To facilitate amplifier functionality with the common base configuration, we need to supply the input signal to the emitter terminal, while extracting the output from the collector terminal. Therefore, in this instance, the input current is also the emitter current. This also means that the output current is indeed the collector current. However, since the transistor is both a three-layer device and a two PN-junction device, it needs to be correctly biased for it to work as a common base amplifier. This means that its base-emitter junction will need to be forward-biased.

Basic circuit schematic of a common base amplifier

The above image is of a basic circuit diagram of a common base amplifier configuration. If we look closely at this diagram, we can see from the underlying common base configuration in which the input variables correlate to the IE or emitter current and the VBE or base-emitter voltage. Also, we can see the output variables that correspond to the IC or collector current and the VCB or collector-base voltage.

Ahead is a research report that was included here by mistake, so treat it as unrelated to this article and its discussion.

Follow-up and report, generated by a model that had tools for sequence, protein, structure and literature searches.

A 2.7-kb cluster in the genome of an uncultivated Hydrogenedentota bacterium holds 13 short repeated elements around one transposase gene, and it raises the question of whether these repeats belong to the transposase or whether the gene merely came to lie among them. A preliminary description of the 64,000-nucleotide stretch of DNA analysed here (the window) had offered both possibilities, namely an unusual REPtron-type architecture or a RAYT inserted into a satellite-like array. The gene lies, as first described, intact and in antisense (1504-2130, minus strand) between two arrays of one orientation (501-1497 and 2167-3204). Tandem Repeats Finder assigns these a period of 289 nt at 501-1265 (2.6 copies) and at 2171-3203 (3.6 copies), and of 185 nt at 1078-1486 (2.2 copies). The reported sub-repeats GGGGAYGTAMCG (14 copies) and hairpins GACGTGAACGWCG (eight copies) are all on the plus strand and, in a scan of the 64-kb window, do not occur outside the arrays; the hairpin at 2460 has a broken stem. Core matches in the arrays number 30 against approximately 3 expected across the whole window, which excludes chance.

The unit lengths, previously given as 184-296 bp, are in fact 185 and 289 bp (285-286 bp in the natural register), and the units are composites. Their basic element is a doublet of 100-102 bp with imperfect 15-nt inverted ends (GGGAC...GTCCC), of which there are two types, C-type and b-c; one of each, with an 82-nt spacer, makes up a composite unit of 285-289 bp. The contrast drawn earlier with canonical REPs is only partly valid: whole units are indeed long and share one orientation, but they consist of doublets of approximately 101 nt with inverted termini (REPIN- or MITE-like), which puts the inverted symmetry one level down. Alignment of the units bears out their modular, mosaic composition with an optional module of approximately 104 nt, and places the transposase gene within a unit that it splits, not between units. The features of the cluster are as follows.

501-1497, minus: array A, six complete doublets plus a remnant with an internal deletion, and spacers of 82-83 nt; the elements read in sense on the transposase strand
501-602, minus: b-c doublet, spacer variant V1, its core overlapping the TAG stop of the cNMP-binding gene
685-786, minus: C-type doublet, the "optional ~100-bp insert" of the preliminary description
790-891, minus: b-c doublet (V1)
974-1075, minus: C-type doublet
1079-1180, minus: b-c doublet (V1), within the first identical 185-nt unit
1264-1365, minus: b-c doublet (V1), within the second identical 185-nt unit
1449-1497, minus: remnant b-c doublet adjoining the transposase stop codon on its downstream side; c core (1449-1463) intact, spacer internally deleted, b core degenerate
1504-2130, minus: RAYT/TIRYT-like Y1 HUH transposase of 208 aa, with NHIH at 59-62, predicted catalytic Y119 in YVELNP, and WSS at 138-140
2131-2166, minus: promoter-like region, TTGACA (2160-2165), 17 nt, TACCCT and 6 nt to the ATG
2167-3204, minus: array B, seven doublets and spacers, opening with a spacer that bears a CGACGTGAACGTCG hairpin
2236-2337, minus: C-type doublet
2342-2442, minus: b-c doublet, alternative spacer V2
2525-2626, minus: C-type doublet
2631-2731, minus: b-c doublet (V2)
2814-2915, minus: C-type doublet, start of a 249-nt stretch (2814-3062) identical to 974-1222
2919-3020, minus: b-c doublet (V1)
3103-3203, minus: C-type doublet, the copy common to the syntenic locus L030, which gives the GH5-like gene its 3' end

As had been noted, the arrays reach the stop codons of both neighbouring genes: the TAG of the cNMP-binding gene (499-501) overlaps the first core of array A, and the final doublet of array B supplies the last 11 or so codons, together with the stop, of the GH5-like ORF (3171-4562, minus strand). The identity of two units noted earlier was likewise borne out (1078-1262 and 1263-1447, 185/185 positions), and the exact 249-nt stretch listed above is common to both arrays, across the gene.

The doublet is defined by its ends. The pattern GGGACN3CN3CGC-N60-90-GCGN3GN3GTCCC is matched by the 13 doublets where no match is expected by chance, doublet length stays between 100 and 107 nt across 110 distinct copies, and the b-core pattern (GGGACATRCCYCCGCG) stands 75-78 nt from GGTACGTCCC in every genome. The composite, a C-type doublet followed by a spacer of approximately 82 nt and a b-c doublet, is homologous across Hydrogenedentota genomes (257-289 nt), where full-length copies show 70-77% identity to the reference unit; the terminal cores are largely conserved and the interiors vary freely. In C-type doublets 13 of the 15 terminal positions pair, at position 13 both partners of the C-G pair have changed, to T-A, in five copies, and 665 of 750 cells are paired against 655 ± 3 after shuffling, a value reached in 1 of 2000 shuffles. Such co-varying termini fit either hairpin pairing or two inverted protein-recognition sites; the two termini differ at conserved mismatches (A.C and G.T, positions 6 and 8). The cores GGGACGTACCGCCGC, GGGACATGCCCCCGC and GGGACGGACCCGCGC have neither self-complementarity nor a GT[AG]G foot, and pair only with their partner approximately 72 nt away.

The Common Base Amplifier Circuit Diagram

Additionally, because IE is also the input current, there will be a subsequent change in IC whenever there is a change to the input current. In general, with common base amplifier configurations, the current gain (Ai) is defined as Iout ÷ Iin or the formula IC ÷ IE. Additionally, Ai for a common base amplifier configuration is called Alpha (α).

In regards to bipolar junction transistor configurations, the collector current is always less than the emitter current since IE = IB + IC. Furthermore, the Alpha of the amplifier must also be less than one since the IC is always less than IE by the amount of IB. Therefore, a common base amplifier mitigates the current and generally has an Alpha ranging from .980 to .995, which, of course, is less than one.

Common Base Amplifier Voltage Gain Characteristics